Deep Learning Is Starting to Predict Cryptocurrency Prices
Perhaps it’s human nature to simply not let well enough alone when it comes to AI. This is certainly the case when it comes to the unknowable nature of the future. We want to know when it will rain, how much we will get, who will win the Super Bowl, the NCAA tournament, and just for the fun of it, we make a sport out of wagering money on some of these things. However, instead of spending money on the future, some people are now claiming they can see the value of money in the future. Yes, folks are now saying they can predict the prices of cryptocurrencies using machine learning data centers and computers.
The Theory Behind It
On its face, this doesn’t seem to hold much, if any, water. But if we look a little deeper, the concept is certainly feasible. To understand why this is more than just weird science, we first have to understand how currencies are valued. Not surprisingly, it’s all about supply and demand. When the demand for a currency is high, it’s value goes up. When the supply outpaces the demand, the value goes down.
If you’re mining gold and you come across a tiny flake that’s barely visible while standing up, you may not assign it much value. You may not even hold onto it long enough to show anyone. You’re looking for a bigger chunk of gold. The supply of gold where you are is too high, reducing the value of that little flake—at least in your eyes. On the other hand, a tourist may come by and give you $50 for that little flake, put it in a cute little sealed vial, take it home to New York and call their mining vacation a success. The supply of gold flakes where they’re from is much smaller, hence the value of the flake is considerably higher.
As you can see, value is subjective, and it’s based on location, and even culture, as much as the bigger economic issues of supply and demand. And this holds true for all currencies, big and small. All major world economies have the ability to almost arbitrarily alter the values of their currencies by simple manipulation tricks that affect the supply of the currency, or implicitly impact the demand. This works universally—well, almost. Cryptocurrencies put a wrench in this age-old system.
Why Cryptocurrency Values Are More Predictable
Because the cryptocurrency system is based on solving complex mathematical problems, and the complexity of these problems increases in a predictable manner, the values of cryptocurrencies are less arbitrary than those of mainstream currencies. Cryptocurrencies such as Bitcoin have a finite amount. To illustrate, imagine if there were only 100,000 bricks of titanium in the world, and that titanium could be easily used to purchase goods and services. How much would each of those 100,000 bricks be worth? How much more would they be worth once half of them had been obtained? When there were only 100 bricks left, how much would those be worth? Clearly, the value would skyrocket.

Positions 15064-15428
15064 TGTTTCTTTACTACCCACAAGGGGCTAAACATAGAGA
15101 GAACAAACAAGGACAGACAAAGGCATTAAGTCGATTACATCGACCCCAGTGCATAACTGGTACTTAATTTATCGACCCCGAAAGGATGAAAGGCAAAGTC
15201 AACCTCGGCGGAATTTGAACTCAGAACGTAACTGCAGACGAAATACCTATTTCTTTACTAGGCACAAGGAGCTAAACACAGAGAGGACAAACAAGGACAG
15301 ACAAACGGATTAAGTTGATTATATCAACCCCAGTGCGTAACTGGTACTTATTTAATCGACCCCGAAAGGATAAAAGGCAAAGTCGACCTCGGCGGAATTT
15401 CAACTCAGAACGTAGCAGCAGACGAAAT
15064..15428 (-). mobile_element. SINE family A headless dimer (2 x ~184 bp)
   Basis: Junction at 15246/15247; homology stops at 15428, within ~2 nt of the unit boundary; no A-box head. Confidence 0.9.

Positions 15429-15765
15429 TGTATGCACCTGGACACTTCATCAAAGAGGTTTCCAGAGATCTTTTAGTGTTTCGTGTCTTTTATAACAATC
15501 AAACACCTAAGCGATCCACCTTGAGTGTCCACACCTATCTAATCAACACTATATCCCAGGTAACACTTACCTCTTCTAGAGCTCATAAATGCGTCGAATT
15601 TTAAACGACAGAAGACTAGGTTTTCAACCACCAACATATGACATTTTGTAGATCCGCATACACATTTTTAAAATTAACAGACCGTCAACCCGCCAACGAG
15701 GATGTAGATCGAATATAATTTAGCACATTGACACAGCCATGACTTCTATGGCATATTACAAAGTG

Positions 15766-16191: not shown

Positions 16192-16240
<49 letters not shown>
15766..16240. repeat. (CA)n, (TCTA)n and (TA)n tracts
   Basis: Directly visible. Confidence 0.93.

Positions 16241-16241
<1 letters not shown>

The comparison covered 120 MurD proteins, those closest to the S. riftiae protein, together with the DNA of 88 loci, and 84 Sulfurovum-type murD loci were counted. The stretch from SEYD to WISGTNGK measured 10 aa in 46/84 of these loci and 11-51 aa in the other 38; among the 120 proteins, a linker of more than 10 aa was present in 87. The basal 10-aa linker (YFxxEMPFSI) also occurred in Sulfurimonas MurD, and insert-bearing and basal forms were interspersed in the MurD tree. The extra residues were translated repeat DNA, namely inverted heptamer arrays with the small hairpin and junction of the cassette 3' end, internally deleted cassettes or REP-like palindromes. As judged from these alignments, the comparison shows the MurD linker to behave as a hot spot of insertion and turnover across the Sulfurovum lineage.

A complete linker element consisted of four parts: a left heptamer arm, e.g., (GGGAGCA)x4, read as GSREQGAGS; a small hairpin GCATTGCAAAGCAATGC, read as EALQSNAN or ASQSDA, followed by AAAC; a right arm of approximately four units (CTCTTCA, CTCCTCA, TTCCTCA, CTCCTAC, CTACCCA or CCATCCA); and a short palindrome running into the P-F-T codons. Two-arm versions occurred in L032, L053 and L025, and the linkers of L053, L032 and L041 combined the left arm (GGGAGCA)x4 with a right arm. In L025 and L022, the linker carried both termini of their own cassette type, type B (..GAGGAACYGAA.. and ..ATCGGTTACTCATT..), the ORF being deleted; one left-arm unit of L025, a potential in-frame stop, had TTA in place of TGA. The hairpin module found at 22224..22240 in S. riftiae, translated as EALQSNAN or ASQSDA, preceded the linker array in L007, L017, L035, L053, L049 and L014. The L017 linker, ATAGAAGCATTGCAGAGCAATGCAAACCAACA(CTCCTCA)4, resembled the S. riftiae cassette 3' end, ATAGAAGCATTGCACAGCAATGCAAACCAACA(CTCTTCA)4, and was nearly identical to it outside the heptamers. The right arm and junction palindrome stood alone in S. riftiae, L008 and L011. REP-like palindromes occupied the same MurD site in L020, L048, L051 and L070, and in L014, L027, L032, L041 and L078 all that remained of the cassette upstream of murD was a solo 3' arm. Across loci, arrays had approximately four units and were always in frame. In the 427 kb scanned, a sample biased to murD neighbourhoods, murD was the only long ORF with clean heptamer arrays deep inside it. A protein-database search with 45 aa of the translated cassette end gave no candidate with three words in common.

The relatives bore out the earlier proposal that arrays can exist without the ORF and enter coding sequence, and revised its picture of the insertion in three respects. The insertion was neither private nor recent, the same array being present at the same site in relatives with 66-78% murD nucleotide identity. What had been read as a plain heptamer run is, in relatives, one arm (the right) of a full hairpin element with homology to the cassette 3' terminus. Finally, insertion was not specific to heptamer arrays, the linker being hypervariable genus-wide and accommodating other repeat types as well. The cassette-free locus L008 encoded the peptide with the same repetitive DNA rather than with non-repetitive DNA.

It’s the same with cryptocurrencies like Bitcoin. Because there are only so many of them available, the X factor of currency manipulation performed by a government is eliminated. With this out of the equation, the problem gets much easier to solve.
How Deep Learning Predicts the Values
Deep learning is able to observe patterns, categorize things that are similar, and then go deeper to further categorize based on other observed elements within the categories. When the behavior of these elements is observed over time, patterns can be observed. As these patterns are analyzed, prediction becomes possible. For instance, imagine a Deep Mind learning computer is able to observe a collection of rubber balls that will be dropped from a specific height. All of the balls are made of the same rubber. However, they are of different sizes. The deep learning computer would be able to watch how high each different size ball bounced as they were all dropped one at a time, or even all at the same time. It would then be able to tell you how high the next ball was going to bounce based on its size.
The greater the number of factors or categories, the deeper the learning. Because of the lack of governmental intervention, there is a limited number of factors when it comes to the job of predicting the values of cryptocurrencies. All of these factors are observed using historical data and predictions are made. If the historical data covers from 2015 through 2017, for example, the deep learning computer is given the data from 2015. It analyzes it and then makes a prediction of the prices for 2016 and 2017. Afterwards, the prices it predicted are put next to the actual prices for 2016 and 2017. When this has been done, people are claiming accuracy rates as high as 95%.
However, until this is tested on a large scale with real money being wagered on its success or failure, all of this talk is like Bitcoin in 2010: cheap.